My Turn at the Screw

I’m heading to Glyndebourne this afternoon with a daughter to see Britten’s version of the Henry James story. The conductor is Jakub Hr?ša, the director Jonathan Kent.

The same performance will be beamed live on the internet to anyone who cares to click on the Guardian website.

So why shlepp all the way down to Sussex to see something I could enjoy in the comfort of my home? Simple.

Opera, like sex, is not something you can properly do alone. You need the sense of sharing it with others, even the comfort of strangers.

I’m also intrigued to see whether the live relay affects, in any way, the perception of the audience and performers.

If it does, I’ll report back.

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    • Why not ?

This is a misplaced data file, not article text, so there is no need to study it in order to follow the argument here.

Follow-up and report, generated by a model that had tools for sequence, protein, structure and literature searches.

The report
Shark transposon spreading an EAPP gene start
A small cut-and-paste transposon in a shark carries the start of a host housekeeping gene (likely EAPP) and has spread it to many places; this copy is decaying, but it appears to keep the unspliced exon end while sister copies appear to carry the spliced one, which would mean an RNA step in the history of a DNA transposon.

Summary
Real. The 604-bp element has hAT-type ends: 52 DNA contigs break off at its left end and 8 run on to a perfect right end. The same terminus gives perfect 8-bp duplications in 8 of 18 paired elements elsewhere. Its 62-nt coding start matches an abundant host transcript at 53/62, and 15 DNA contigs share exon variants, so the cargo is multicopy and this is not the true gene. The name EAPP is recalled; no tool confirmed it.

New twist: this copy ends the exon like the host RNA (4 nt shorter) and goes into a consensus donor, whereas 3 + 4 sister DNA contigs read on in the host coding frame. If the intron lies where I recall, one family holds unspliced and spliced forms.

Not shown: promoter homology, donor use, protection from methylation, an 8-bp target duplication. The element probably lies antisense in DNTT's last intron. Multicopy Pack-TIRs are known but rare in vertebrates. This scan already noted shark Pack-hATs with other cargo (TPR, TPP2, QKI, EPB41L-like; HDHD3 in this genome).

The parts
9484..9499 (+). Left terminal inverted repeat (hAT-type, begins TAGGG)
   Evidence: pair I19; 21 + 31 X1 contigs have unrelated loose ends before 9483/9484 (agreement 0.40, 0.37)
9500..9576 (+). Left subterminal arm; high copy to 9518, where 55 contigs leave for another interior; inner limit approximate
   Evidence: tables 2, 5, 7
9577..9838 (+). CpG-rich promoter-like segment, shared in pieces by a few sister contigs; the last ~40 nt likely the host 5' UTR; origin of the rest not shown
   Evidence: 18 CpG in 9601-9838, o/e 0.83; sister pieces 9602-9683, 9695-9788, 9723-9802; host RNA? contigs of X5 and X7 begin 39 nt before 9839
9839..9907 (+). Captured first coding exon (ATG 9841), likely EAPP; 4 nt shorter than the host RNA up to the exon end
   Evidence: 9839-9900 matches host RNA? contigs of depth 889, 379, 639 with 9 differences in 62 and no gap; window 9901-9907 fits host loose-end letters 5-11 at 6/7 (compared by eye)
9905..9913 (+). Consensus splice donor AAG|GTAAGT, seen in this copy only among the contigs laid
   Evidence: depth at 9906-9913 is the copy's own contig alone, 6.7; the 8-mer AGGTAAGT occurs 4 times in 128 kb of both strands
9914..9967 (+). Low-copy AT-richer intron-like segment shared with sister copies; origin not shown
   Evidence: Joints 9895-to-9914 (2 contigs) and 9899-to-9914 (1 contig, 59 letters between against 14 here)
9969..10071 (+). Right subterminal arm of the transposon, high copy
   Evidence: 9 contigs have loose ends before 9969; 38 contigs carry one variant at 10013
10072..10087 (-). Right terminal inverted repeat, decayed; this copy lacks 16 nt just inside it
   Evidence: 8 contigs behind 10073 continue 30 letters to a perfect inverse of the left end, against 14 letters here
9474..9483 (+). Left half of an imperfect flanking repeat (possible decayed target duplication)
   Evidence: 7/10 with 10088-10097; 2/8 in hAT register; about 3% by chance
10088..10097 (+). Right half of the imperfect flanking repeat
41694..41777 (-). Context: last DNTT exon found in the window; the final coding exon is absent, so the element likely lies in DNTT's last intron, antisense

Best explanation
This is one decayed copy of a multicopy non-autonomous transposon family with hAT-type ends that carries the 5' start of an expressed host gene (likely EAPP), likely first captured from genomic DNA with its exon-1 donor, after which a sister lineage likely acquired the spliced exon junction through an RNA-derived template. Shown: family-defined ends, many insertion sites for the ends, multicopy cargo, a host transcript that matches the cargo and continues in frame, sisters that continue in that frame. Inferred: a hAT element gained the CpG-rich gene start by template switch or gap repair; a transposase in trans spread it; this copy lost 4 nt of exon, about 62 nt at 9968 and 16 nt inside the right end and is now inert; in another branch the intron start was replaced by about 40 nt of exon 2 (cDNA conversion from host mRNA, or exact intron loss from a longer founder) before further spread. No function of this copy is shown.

“Join us on Sunday 21 August to watch The Turn of the Screw streamed live from Glyndebourne. Bookmark this page and return on Sunday to watch Jonathan Kent’s masterly production of Benjamin’s Britten’s chilling opera, and join our critics to discuss the performance online”

      From Guardian web site.

      • And, as it turns out, it is in video form! I saw some of it myself, although I had to do something else and could not stay with it. The video streaming and audio worked very well for me in the USA.

  • saw this production when it visited L.A. , i would take exception with ‘masterly’ but will wait to read your impressions…

  • The trend to convert opera to an electronic music experience, as is the case in these types of events, really shows how far we’ve come from tradition. Despite all the crowing about electronic music as opposed to classical music, society today has settled for the ease, security, and comfort of electrical social networking over the vibrancy of live interaction. There is room for both, of course, but I wonder if eventually we’ll just give up on the unique experience of being human.

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